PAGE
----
New Poll Could Impact Marijuana Legalization In PA
Apr 24 2017 by Larry Hoffman
A whopping 61% of Americans think marijuana should be legal, according to a CBSpoll released Thursday. Twenty-six states and the District of Columbia have legalised marijuana since 2012. "I think it's a more unsafe drug than a lot of people realize". No group supports enforcement in states where marijuana is legal.
British Columbians were also most likely to back legalization, with 75 per cent support, while support was weakest in Quebec where only 51 per cent of people agreed.
Those over 65 are the most opposed to legalization, but most under age 65 support it.
The roughly $200 million in tax revenue from more than $1 billion in sales past year funds all that, she says, plus provides $40 million for schools.
Angus Reid executive director Shachi Kurl says the divide between support for the bill and faith in its ability to achieve its goals points to a population waiting to see how the feds' pot plan is executed.
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Senkumar also cited that with the CAT and HC rejecting his pleas, none of the IPS officers were approaching the court. The top police officer was also blamed for poor response to a temple blaze in April previous year .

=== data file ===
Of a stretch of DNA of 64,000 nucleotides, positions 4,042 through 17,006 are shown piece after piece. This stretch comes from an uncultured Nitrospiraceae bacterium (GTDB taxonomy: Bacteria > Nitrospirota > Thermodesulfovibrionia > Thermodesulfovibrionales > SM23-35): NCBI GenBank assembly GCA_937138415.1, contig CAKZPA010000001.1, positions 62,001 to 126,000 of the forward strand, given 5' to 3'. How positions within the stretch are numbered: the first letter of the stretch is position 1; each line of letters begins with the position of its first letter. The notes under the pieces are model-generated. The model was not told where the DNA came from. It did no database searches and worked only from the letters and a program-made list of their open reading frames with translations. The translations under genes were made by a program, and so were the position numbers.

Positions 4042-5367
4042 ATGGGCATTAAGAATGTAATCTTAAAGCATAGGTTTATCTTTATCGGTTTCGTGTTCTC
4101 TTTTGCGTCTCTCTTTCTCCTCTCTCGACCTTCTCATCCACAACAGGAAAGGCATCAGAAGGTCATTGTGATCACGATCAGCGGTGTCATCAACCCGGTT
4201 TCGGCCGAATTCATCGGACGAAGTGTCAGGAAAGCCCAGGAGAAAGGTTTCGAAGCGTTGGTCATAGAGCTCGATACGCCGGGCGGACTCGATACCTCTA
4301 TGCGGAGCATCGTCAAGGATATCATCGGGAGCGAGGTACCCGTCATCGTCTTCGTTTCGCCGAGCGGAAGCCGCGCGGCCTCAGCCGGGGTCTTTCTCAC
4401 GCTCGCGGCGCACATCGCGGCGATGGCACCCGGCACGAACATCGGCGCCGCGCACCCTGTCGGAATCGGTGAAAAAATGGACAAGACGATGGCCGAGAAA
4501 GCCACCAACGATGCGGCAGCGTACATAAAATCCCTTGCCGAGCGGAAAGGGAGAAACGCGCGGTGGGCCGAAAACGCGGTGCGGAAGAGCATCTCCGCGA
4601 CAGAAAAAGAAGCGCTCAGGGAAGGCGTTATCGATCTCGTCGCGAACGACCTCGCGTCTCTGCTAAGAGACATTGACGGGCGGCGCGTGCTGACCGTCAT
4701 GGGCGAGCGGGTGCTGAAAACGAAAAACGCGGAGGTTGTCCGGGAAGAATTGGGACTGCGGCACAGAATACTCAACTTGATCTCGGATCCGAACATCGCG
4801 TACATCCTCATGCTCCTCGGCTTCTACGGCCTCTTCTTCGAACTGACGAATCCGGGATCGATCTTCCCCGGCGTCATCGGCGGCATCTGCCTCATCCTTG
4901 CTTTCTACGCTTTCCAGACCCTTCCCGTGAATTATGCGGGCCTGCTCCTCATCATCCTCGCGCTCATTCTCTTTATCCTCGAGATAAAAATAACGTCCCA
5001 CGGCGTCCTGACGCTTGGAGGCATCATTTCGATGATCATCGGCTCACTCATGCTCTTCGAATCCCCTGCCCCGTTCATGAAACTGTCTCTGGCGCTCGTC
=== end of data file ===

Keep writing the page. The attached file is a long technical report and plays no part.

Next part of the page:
Leach has, for the third time, introduced legislation in the Senate, but says that this poll could embolden numerous bill's opponents who were anxious about blow-back from their constituents. "But I think that what we are learning is that certain individuals in the states that have legalized marijuana are dealing with issues and I think that it is a good opportunity for us in New Jersey to evaluate, both the negative and positive aspects of legalization". Most Democrats and independents increasingly think marijuana use should be legal, while Republicans are divided.
Support for legalization differs by age, but not by much. "And most Americans also think marijuana is less unsafe than most other drugs", CBS reports, "particularly those who say they have tried it".
On Apr. 3, the governors of the four adult-use legal marijuana states-Alaska, Colorado, Oregon, and Washington-fired off a letter to Sessions and Treasury Secretary Steve Mnuchin, imploring them to "engage with us" before changing federal policies on enforcement. Even when two legal states share a border, as Washington and OR do, carrying weed across state lines runs afoul of federal law.
Others, like Monté Ross, University of Delaware's former men's basketball coach, said they appreciate Carney's willingness to listen and that they don't view Wednesday's town hall as insincere. Most Americans under 65 say they have tried it, while just a quarter of seniors 65 and older have. For the cell sample, interviews were conducted with the person who answered the phone.